Tivo loves your $13 a month, please keep paying. They don’t love your Series 1 Tivo. If you have a one it will not be updated to reflect the new DST rules. According to Zatz Not Funny Tivo will only be supplying Series 2 and newer with DST updates. So what do you get for your $13 if you own a Series 1?
My (high) size estimate for 100 channels of guide data for 21 days is 6.11 MB. For each new day you add 290k + 50k in updates. For 31 days you pull down 16.3MB of data. Keep in mind this is estimated from web guide data, I am sure Tivo implements some optimization, but for sake of argument we will assume 16.3MB total download per month.
Now we look at cost of bandwidth. Just to make sure I don’t under estimate the cost Tivo pays for bandwidth I am going to use an unlikely scenario and say Tivo has a High Volume server on Pair and pays $179.95 a month for 800GB of bandwidth. That comes out to 4.4GB of data for $1. This means your $13 would get Tivo 57.9GB of data a month.
So Tivo is covering the bandwidth you use with less than half a cent. So what else do you get for the other $12.995 if you have a Series 1 Tivo?
Nothing. No new features, no bug fixes, and clearly no DST updates.
I hate über-letter-schlocking. What is it? Widescreen TVs (HDTVs) must deal with a wide range of media including DVDs, television, and over-the-air HD. DVDs can contain a surprising number of different formats like:
Anamorphic 16×9 (ratio of most widescreen TVs) :
Anamorphic 2:35×1 (ratio of many Hollywood movies):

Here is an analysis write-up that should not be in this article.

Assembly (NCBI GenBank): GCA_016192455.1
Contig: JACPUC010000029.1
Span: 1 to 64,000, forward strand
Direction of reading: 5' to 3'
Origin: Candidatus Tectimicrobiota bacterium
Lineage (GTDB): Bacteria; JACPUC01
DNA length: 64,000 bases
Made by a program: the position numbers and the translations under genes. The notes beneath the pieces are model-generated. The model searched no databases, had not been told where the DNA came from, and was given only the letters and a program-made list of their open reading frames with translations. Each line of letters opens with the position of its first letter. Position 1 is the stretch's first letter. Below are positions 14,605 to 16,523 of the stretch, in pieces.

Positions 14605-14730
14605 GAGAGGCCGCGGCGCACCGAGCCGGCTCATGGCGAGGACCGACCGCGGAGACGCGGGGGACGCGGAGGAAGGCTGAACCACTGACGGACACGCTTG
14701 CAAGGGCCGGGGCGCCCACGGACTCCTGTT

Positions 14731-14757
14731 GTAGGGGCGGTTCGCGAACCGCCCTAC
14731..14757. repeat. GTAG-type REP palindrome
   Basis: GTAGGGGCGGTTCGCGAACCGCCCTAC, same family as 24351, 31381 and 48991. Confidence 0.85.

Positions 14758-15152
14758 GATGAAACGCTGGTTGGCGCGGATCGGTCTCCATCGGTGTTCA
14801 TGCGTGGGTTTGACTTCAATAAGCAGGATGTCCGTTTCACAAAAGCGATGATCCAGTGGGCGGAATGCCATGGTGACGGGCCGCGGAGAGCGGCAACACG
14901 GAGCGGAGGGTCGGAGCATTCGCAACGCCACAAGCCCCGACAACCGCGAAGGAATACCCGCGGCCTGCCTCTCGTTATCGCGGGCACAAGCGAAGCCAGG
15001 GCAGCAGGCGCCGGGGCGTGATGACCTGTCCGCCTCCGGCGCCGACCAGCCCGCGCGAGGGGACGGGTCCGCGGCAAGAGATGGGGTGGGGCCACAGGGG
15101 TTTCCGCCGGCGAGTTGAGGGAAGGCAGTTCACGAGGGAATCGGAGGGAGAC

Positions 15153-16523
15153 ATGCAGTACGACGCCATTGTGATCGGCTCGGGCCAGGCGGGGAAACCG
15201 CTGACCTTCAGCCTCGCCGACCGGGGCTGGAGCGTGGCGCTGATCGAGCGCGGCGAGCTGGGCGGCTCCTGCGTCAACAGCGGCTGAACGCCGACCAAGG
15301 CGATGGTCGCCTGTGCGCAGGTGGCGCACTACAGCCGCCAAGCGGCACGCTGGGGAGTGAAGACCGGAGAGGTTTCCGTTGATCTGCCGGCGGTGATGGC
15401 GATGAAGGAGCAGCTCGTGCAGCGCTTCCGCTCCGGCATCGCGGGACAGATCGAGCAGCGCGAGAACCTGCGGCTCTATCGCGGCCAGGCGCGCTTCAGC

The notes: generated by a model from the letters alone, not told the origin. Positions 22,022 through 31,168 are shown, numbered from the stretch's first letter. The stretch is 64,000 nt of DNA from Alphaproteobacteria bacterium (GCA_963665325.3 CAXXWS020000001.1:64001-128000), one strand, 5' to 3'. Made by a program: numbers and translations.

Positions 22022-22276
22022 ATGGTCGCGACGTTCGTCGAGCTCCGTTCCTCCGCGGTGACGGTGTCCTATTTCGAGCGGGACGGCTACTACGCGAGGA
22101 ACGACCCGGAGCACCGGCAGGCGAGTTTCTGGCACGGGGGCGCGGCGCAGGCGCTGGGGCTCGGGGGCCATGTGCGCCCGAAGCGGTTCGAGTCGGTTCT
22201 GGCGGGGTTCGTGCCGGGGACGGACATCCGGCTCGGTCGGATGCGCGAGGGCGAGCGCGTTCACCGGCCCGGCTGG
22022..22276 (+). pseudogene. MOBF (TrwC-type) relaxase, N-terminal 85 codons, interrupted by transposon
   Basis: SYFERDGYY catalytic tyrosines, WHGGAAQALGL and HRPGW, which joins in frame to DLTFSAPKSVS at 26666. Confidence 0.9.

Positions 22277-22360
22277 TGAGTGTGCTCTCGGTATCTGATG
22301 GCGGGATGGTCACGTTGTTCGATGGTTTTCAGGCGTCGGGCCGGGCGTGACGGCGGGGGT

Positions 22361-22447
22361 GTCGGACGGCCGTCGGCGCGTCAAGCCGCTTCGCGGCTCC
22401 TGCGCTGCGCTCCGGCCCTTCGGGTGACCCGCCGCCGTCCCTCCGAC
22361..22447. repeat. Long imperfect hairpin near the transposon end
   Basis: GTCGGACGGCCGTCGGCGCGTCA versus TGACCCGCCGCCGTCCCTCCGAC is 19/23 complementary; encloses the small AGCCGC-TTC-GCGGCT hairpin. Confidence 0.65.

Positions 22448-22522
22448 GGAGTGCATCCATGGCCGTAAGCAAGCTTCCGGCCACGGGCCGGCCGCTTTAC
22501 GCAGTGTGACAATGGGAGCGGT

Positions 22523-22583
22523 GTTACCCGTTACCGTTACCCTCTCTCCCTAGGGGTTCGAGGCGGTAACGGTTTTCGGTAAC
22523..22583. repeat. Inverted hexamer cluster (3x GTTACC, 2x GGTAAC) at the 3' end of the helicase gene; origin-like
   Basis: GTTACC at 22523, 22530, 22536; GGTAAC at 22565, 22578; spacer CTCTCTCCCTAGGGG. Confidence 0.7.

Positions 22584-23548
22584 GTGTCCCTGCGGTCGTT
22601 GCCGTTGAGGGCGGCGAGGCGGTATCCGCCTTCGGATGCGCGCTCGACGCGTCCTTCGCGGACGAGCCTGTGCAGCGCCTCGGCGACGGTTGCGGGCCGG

Non-anamorphic 2.35×1 or “Letter-Schlocking” (black bars are encoded rather than just the video content):
Non-Anamorphic 16×9 Zoomed (notice the distortion, I refer to as the “Comcast Digital Cable Effect”):
Über-letter-schlocking happens when a non-anamorphic 2.35×1 or 16×9 movie is played back on your nice new HDTV without using the TV’s zoom function. The below happens because the black bars are encoded with the rest of the movie content so the TV sees this as 4×3 media (which it normally puts black bars on the right and left to simulate a 4×3 TV):
This causes black bars all the way around your movie and likely has made many new-HDTV buyers curse their new TV. It’s not your your TV’s fault, it is the movie companies who were stupid, lazy, or greedy (or all three) and decided to make many of the first DVDs available on the market non-anamorphic widescreen discs. Unfortunately many stores still carry these discs.
So next time you run across Über-letter-schlocking on your TV you can thank the idiots in the movie industry, because now you have to buy a new version.